Hioki interrupted with a loud snap of his fingers, startling Woods. “Bingo. And who stands to lose trillions of dollars by not being allowed to build those hotels?”

That question made more sense to Woods; after all, only one company had successfully brought tourists to Mars. Nobody else had the know-how and the resources. He started to answer while still thinking through the implications.

“That has to be Splotz—but, if everyone knew that Europa had intelligent life, what could Splotz do? Even if they could somehow avoid an outright ban on commercial activity, public opinion would be so strongly against any sort of exploitation that just mentioning tourism would likely cause millions of angry people to stop buying their products.”

“Exactly.” Hioki leaned forward, elbows on knees, his tone low and earnest. “And that’s why they would do everything in their power to prevent such an announcement from being made.”

“How could they? Even if Splotz had, I don’t know, mafia enforcers or something, we’re traveling through space many thousands of kilometers away. There’s nobody on this ship but a few scientists and astronauts. You don’t seriously think any of our crewmates would harm us on orders from some corporate boss, do you?”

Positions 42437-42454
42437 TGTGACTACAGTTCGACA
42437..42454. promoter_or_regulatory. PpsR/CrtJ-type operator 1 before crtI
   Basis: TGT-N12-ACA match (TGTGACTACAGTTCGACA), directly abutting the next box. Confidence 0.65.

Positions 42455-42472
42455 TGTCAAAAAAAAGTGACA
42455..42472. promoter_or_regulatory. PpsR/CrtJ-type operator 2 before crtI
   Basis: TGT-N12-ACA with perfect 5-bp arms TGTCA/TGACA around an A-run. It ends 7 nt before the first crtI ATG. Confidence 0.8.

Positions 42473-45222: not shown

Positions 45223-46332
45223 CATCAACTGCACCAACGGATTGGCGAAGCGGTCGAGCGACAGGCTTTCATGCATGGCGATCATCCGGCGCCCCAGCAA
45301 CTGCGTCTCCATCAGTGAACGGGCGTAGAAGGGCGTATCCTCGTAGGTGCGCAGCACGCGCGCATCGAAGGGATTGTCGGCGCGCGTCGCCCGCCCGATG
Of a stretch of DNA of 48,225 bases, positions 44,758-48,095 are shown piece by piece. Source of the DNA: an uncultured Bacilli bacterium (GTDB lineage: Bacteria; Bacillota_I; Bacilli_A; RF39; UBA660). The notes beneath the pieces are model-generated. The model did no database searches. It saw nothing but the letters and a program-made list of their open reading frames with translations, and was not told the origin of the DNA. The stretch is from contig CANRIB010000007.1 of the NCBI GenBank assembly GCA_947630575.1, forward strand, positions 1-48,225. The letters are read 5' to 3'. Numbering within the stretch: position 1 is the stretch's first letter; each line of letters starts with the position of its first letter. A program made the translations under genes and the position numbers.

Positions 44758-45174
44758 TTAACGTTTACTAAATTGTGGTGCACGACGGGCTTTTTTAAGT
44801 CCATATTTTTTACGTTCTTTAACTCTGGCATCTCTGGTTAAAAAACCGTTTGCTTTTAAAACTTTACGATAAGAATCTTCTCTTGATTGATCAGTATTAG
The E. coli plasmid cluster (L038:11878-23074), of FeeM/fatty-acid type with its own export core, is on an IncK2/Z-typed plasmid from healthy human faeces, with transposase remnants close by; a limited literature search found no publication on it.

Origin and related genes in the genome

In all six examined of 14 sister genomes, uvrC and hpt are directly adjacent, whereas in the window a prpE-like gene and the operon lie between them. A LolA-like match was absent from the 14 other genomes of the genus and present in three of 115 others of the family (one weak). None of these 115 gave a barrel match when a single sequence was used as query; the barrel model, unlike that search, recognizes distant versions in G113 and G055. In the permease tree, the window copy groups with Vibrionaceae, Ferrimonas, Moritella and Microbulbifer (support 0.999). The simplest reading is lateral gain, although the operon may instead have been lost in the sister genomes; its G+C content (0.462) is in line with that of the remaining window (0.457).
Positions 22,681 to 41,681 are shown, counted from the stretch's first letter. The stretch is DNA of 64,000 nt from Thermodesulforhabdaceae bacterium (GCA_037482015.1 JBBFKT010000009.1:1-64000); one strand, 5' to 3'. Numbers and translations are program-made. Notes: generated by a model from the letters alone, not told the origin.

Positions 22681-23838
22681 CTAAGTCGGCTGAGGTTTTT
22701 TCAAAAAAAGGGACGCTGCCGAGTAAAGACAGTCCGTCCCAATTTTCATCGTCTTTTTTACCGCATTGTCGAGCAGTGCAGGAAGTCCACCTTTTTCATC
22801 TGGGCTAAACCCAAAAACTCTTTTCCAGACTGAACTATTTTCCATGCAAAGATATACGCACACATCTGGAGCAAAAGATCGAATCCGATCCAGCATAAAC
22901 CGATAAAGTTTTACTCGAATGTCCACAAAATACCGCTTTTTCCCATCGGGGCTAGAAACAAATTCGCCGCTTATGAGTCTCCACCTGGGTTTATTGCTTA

“No, they wouldn’t, or at least not physically. What I’m saying is no more than you already know. If you tried to make a report like that without solid proof, it would be discredited and your sanity questioned. Splotz would see to it. Even though Rita Mastroianni looks nice and friendly, she was a company doctor for many years, and you can be sure that’s where her loyalties still lie. You haven’t told her anything about—well, any of this, have you?” Hioki sat up straighter, and his voice took on a note of worry.